Further to my recent article about the 2020 Nobel Prize announcements, the winners of the 2020 Chemistry Nobel Prize were announced as Emmanuelle Charpentier and Jennifer Doudna on 7 October 2020 "for the development of a method for genome editing". This, of course, refers to the revolutionary “genetic scissors” technology, CRISPR/Cas9. For this article, I’ve teamed up with my colleague Jamie Atkins, whose specialisms include prosecution of CRISPR-related patent applications at the EPO, to get into the details of the winning technology.
In this article, we explore:
Diversity in the Chemistry Nobel Prize;
The winning technology;
What is CRISPR and how does it work?;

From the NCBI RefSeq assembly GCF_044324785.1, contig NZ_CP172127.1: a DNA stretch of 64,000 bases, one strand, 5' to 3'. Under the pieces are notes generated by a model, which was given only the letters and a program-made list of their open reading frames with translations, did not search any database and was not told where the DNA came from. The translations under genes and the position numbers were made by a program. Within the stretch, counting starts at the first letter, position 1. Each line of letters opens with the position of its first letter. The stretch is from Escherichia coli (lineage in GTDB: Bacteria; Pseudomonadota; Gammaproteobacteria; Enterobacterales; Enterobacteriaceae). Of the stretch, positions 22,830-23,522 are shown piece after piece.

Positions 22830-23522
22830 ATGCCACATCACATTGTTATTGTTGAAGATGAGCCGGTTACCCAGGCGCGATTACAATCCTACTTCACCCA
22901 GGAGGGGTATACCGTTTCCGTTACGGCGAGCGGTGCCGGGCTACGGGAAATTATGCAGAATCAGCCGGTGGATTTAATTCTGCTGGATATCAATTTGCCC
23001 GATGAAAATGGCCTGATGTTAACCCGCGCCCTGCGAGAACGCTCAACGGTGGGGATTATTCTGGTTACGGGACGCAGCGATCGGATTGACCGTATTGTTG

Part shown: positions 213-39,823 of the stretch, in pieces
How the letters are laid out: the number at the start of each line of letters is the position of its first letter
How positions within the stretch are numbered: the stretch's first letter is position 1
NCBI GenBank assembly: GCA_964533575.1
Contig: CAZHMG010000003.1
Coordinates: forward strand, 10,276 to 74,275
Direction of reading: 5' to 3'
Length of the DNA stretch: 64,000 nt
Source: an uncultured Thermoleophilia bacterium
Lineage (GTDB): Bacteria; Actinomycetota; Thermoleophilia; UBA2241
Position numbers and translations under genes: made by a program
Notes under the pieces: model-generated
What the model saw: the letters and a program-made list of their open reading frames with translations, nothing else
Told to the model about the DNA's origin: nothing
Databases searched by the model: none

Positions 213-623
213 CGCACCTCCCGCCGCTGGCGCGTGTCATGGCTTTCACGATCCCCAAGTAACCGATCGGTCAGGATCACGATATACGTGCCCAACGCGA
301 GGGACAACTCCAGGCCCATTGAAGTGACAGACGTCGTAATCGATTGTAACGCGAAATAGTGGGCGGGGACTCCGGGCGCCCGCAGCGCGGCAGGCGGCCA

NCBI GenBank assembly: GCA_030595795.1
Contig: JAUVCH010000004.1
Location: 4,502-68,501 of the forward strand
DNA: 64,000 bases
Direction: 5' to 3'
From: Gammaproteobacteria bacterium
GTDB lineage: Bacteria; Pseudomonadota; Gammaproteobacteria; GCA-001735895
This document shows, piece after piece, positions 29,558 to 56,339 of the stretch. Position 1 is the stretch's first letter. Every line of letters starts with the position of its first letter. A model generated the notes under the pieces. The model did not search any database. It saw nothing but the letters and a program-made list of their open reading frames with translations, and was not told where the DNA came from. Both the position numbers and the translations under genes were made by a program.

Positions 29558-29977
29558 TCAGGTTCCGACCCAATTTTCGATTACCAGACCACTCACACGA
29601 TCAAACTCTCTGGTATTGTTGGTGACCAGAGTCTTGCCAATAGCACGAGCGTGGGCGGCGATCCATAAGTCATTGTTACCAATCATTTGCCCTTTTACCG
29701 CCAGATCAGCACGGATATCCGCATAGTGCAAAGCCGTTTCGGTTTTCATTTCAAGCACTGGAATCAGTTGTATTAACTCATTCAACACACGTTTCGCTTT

How can CRISPR be used?;
CRISPR Patents; and
The future – could CRISPR be used to combat COVID -19?
Diversity in the Chemistry Nobel Prize
Before looking at the patent side of things, it is worth noting that this is the first Nobel Prize awarded to two women. Charpentier commented shortly after the prize announcement that:
“My wish is that this will provide a positive message to the young girls who would like to follow the path of science, and to show them that women in science can also have an impact through the research that they are performing… This is not just for women, but we see a clear lack of interest in following a scientific path, which is very worrying”.
While there is still a significant gender gap in the Laureates of the Chemistry Nobel Prize, it is encouraging that there are now an additional two female winners to add to the previous five: Marie Curie (1911), Irène Joliot-Curie (1935), Dorothy Crowfoot Hodgkin (1964), Ada Yonath (2009) and Frances H. Arnold (2018). We hope this figure continues to increase each year, along with wider recognition of other under-represented groups, for example in terms of BAME and LGBTQ+ representation.